Meeting Sheri Dew. And I had no idea who she was.
Most "celebrities" have been people who are known well in The Church of Jesus Christ of Latter-day SaintsGordon B. Hinckley was ten feet away and waved at me at a temple dedication, I shook hands with Russell M. Nelson after a stake conference and listened to M. Russell Ballard give a discourse during my mission. I also hugged Sheri Dew and had a photo snapped with her before I even knew who she really was.
Andrew's (far left) now jamming with The Moth and The Flame.  (Source)
Funnily enough, several notable people I met were during my time serving an 18 month mission for my church and in subsequent years attending church (who says church isn't awesome???). Who knew a fellow missionary, Andrew Tolman was going to go on to help form a wildly famous band, Imagine Dragons? Now he's jamming away in The Moth and The Flame and is a nice a guy as ever.
I went to church with Brandon Quinn a couple times too. Most recently, I spotted him playing a murderous soccer player on Bones. I knew it was him from the start!
Earlier this year, I met Steve Cleveland, well-known basketball coach, at a church meeting. He thought I was eighteen. Aww! It was so nice to be mistaken as a teenager when I in fact, just reached my thirties.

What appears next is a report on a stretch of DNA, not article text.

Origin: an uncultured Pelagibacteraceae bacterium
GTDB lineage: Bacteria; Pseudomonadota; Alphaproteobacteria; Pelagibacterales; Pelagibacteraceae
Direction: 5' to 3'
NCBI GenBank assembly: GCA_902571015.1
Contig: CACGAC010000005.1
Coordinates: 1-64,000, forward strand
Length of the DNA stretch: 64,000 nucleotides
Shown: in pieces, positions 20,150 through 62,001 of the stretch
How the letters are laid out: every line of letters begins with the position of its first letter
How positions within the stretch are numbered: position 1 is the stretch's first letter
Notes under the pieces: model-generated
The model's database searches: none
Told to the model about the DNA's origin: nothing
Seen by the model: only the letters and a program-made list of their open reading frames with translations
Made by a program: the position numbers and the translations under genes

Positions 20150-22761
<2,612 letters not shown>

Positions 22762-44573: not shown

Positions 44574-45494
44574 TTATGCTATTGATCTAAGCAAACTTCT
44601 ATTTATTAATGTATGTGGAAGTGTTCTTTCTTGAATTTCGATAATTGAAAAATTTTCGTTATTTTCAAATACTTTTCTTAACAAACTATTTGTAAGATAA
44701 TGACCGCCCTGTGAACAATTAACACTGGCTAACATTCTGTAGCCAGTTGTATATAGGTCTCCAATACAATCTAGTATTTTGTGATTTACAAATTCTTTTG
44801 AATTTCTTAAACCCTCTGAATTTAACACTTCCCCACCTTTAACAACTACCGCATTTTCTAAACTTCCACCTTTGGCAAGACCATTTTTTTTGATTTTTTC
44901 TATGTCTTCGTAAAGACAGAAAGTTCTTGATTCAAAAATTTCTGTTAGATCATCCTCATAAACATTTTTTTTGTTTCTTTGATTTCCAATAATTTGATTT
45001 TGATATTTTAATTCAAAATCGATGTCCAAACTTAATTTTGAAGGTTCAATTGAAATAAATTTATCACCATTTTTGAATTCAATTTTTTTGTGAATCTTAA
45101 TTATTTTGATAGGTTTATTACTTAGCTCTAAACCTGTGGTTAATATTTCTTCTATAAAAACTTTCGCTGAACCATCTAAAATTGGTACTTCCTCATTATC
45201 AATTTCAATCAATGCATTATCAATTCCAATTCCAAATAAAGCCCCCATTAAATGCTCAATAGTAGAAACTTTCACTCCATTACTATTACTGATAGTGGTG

Yes, I played the tuba in college and yes, I met Tommy Lee.
I guess the only non-church related famous person I met was Tommy Lee. Boy, that was an experience. He came to the University of Nebraska-Lincoln to film a television show, Tommy Lee Goes To College, and was in not only marching band but my Native American literature class. I was on TV a few times (which, ironically aired while on my mission, haha). It's always a fun topic of conversation.
My mom and Tommy Lee are tight.
But not as funny as when I mention my mom's pretty much BFFs with Tommy Lee. She's got an autographed photo of him and her hanging in her office.

So, that's about all the "famous" people I've met. What about you? Met anyone famous? Is there someone you'd love to meet? Do share!